One of the great strengths of the education system is that it is widely focused. The fact that all students take English, Irish and mathematics with at least four other subjects from a wide range means that most of those who complete their second level education have developed a much wider range of skills and competencies than, say, their counterparts in England where, at this early stage of their educational lives, all students will have narrowed their options to three subjects. If we want to widen our educational objectives, we should keep this wide range of subjects, but reduce their content.
I am not as familiar with the curriculum as those who have taught in recent years. I remember my leaving certificate Irish. The scourge of our lives wasBullaí Mháirtin, Toraíocht Dhiarmada agus Gráinne and book after book of Irish poetry. I accept that, if you want to encompass a wide range of curriculum objectives, such as PE and computer literacy, it is not possible to maintain content level of many subjects. The curriculum board should look at this aspect.
I tabled a number of questions to the Minister and I was surprised at the reply I received on computer literacy and curriculum content. We have handed this over and are not getting a sufficient response in a rapidly changing environment. We should reduce the content in certain subjects and broaden the scope of computer literacy which is as important in today's school environment as is reading, writing and arithmetic. PE is also important because there are increasing signs that we are following the American example of lack of exercise and obesity. The education system and curriculum content has a role to play in that area. Reduced subject content would provide space in the weekly timetable for students to take part in those activities that help their personal, social and physical development.
One of the functions outlined for the new Teaching Council is to promote teaching as a profession. Clearly, this function will be critical for the new council as the recent overwhelming vote for industrial action by the ASTI would indicate a very demoralised profession. At second level, the difficulty of getting a full-time job, low salary levels on entry, the length of time it takes to reach the maximum point on the salary scale and poor mobility, means fewer people are inclined to take up the profession in the first instance. This will reach a critical stage in the near future. Mathematics and science graduates are few and far between in higher diploma classes while the cost of housing, particularly in the greater Dublin region, is leading to a rapidly diminishing supply of teachers in this area. Many of these factors also affect primary level where qualified cover for teachers absent through illness or otherwise is almost a thing of the past. We will have a crisis in teacher supply if the Minister does not have as a priority the promotion of teaching as a profession.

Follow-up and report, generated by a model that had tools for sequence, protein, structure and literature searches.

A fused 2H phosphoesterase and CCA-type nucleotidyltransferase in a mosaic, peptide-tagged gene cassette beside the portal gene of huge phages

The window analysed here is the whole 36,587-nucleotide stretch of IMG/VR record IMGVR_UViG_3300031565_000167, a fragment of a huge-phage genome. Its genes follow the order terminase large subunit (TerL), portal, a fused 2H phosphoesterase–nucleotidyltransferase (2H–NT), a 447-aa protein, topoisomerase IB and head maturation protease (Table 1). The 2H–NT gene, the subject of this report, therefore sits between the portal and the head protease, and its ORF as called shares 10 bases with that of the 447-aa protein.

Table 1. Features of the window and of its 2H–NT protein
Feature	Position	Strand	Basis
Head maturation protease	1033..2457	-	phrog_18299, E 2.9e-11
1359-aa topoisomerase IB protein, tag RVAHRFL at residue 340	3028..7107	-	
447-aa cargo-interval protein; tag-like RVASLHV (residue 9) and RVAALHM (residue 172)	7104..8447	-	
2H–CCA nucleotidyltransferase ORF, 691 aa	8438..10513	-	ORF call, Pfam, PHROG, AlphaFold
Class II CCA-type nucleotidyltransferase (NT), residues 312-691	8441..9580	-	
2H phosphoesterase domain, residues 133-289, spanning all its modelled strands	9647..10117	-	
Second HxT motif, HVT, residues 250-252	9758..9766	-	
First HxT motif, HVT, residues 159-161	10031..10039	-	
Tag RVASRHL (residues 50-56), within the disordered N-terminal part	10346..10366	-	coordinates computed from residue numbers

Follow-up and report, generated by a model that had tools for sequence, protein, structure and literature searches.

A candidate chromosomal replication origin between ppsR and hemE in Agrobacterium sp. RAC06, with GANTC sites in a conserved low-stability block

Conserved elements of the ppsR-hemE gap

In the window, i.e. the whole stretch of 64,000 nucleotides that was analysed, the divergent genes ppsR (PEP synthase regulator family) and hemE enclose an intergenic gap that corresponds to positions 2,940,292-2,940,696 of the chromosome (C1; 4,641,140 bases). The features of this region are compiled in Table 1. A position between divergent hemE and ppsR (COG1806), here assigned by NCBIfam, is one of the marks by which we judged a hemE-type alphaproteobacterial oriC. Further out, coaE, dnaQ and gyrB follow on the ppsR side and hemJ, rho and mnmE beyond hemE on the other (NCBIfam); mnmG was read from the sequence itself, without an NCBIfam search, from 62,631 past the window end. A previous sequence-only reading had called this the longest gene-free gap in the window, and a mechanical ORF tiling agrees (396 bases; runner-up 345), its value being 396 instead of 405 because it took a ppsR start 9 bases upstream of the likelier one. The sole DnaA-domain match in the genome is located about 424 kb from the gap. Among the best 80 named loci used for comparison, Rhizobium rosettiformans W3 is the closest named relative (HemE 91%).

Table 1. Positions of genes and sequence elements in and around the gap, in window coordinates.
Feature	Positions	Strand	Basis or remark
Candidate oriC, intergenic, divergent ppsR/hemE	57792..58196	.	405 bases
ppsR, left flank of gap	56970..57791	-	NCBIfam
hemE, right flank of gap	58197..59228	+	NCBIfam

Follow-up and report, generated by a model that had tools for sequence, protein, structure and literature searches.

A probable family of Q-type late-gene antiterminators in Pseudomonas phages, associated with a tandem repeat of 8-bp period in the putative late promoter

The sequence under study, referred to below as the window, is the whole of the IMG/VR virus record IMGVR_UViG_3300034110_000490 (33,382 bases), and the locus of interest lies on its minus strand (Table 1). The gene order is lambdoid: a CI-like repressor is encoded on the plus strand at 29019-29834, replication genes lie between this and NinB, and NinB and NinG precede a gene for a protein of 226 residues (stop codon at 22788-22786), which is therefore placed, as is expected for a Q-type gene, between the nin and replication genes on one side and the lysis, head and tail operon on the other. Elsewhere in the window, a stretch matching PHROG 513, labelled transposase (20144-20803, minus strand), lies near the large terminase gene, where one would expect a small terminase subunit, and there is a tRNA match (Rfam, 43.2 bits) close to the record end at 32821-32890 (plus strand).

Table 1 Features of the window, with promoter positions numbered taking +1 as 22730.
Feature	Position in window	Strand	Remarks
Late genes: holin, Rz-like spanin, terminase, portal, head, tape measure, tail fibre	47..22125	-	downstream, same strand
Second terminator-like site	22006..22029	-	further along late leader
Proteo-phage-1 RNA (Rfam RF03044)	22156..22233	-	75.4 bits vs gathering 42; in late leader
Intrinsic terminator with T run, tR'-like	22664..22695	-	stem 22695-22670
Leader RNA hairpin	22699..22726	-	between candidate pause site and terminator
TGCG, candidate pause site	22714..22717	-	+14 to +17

I was interested to see a provision in the miscellaneous section of the Bill that makes it an offence, punishable by a fine not exceeding £1,500 or imprisonment for a term not exceeding 12 months, or both, for a person falsely to represent that he or she is a registered teacher. There are people standing before classes every morning whom the students are under the impression are qualified teachers but because qualified cover cannot be found the choice is between leaving classes unattended or having them attended by unqualified teachers. The powers that be know they are not qualified. This goes back to the structural problems in the profession which the council will identify and take remedial action on to ensure we do not reap the same reward as we did in the case of the nursing profession.